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Stuff on my other blog

Deadline crunch week rushes on, and in a fit of procrastination I added a couple of pieces to my techblog "A New IT World" (syndicated on LJ as itphasechange):

The Hypervisor Wars and How long before there's an Apple Hypervisor?



( 3 comments — Leave a comment )
Jan. 11th, 2006 07:43 pm (UTC)
Brain dead! Aaagh! IBM had fully self-virtualizing OSs and hardware to support an arbitrary number of VMs back in the 1970s!

This is so obviously a manufactured problem that it's unbelievable. Shoot Intel. Shoot Intel now.
Jan. 11th, 2006 07:50 pm (UTC)
Well, IBM did have the advantage of owning the hardware, the OS and the VMM - the VMM being what we now tend to call the hypervisor.

The Intel/AMD virtualisation model is the same but different. They're providing the hardware instructions that allow client OSes to run at Ring 0 where they should (instead of Ring 3, where the current VMM technologies have to run - hence the hideous hacks that VMware and the like have to do when intercepting processor calls). They're just leaving it up to the software industry to deliver the VMMs and hypervisors.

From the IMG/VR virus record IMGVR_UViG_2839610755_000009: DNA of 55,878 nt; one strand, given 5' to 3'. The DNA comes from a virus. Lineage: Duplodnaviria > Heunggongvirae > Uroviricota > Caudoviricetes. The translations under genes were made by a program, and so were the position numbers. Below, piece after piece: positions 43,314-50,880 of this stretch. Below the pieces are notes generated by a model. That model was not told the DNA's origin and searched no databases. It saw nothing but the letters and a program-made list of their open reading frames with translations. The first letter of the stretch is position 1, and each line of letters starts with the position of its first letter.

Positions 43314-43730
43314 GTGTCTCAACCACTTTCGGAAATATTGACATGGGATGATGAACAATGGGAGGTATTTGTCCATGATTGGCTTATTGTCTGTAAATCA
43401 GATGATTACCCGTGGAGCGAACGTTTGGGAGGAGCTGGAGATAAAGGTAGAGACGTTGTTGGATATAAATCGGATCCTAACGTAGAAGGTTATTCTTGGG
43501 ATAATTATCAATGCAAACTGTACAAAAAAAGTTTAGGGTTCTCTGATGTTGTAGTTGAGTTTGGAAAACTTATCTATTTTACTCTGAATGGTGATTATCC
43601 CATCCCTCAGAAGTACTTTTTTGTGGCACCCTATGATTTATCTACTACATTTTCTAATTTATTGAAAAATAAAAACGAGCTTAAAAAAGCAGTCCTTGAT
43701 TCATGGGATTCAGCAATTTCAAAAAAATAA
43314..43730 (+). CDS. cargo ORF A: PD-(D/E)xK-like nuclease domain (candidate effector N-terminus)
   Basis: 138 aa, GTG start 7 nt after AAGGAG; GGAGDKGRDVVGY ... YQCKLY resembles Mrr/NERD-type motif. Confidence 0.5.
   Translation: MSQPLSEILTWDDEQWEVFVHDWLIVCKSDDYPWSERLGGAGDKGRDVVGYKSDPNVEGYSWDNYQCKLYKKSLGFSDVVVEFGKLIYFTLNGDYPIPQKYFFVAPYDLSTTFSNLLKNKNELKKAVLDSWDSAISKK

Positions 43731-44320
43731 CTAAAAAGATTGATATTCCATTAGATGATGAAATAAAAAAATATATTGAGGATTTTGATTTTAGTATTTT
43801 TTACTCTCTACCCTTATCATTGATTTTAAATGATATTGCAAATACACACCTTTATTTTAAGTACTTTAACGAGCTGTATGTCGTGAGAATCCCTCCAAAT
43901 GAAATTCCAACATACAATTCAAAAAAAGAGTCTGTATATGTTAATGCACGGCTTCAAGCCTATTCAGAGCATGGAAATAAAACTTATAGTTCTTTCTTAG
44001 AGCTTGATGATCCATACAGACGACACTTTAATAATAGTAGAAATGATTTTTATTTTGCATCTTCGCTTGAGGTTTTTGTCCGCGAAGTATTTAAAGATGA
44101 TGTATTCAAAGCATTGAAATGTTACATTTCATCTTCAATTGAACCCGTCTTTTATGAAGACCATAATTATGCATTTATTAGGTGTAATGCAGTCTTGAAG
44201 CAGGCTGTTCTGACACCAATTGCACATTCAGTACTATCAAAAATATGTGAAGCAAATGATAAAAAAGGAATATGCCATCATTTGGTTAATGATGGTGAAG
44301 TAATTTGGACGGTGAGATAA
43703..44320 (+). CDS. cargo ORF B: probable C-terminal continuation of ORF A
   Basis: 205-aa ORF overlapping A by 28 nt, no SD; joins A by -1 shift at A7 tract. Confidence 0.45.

Without a set of open standards for handling images and partitions I can't see any way we could get VMM/hypervisors to cooperate - let alone run at the same time.
Jan. 11th, 2006 11:37 pm (UTC)
You mean that you can't run a hypervisor on top of a hypervisor? FFS! Then it's not a hypervisor at all, it's just another layer of goop. It's not a hypervisor until a program cannot tell whether it has been given the most privileged level of access on the processor, or whether it has a level of simulation.

Of course, this runs entirely contrary to TPM.
( 3 comments — Leave a comment )